As for the allegations against the BJP as a communalistic party, she retorts rather emphatically, “In my 34-year-long association with the BJP I have interacted with all the big names and the rank and file -- never did I find any
communal element here. Exposing pseudo-secularism is not being communal.”She attributes her achievements to the support and understanding she got from her husband and in-laws. “Support is absolute and interference is nil,” is her succinct summing up of her husband’s role in her work. This is possible only when there is complete understanding and each partner has his or her own distinctiveness. Swaraj Kaushal, too, has many a credit to his name. He was the Governor of Mizoram (giving Sushma the ‘honour of being the First Lady of the State’). Also, as Sushma says, she herself developed the fine art of switching roles with lightning speed. “As soon as I stepped into my house, my Minister’s mask would fall off. It would be replaced by that of a wife, mother and daughter-in-law.” She has a 30-year-old daughter, Bansuri who plays hostess to all her mother’s guests. “When I call home with instructions, it is my daughter who takes down the details -- ‘how many are expected, is it just for tea and snacks or should I get dinner ready as well?’ -- in a way she has overtaken me,” says Sushma with a pleased laugh, perhaps thinking of her complete divorce from the kitchen during childhood.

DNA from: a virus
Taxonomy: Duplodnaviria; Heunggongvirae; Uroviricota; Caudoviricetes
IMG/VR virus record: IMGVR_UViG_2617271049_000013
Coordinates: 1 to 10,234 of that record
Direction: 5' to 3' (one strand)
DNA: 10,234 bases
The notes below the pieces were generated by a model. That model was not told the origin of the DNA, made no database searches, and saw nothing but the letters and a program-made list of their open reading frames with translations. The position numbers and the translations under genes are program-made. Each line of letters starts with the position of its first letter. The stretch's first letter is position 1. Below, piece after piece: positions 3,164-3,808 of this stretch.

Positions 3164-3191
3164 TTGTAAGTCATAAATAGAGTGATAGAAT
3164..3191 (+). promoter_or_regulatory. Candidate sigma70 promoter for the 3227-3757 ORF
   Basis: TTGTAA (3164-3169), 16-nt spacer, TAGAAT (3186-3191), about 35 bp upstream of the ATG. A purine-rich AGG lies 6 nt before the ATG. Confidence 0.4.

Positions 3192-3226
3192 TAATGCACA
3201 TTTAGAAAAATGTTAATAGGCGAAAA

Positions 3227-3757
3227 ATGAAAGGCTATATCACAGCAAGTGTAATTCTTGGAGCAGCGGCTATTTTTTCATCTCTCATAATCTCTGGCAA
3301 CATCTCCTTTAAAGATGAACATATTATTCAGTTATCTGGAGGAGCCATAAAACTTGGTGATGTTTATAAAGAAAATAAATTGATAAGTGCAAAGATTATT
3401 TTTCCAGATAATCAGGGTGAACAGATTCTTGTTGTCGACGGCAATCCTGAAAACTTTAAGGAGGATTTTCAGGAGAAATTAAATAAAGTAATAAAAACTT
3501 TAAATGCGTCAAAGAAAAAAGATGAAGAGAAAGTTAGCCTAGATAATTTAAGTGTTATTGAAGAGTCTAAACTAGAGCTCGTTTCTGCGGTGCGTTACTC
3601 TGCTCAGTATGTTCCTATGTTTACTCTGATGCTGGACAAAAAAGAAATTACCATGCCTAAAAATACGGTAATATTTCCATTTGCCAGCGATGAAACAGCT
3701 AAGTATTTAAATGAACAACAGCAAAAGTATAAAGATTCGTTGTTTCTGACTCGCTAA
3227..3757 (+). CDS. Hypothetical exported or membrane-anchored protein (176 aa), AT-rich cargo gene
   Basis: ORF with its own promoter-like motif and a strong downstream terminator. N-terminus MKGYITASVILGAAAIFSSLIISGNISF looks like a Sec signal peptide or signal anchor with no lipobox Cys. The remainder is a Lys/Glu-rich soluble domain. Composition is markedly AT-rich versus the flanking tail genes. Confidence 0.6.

Her one regret is that she lost the Lok Sabha polls, not once, not twice, but four times. “I felt that despite being popular with the electorate, I lost, I realised that in elections the personality does not dominate at all. It is other issues that decide the course of events…” she remarks wishfully. And even as she makes steady progress in her political career, she reiterates that it is her husband and daughter who matter to her. “I do not regret that I took a two-year break to look after Bansuri… and I will always remember the time when Swaraj was on board the flight that was hijacked to Lahore after Operation Blue star. I was terrified, yes. But there was not one weak moment when I thought that the Government should negotiate with the militants.” It is this courage of conviction that gives Sushma her strength. For someone who has made the most of her opportunities, her abiding faith in being sincere and working hard should help her to go beyond rhetoric in what should be a long political career.
(INAV) l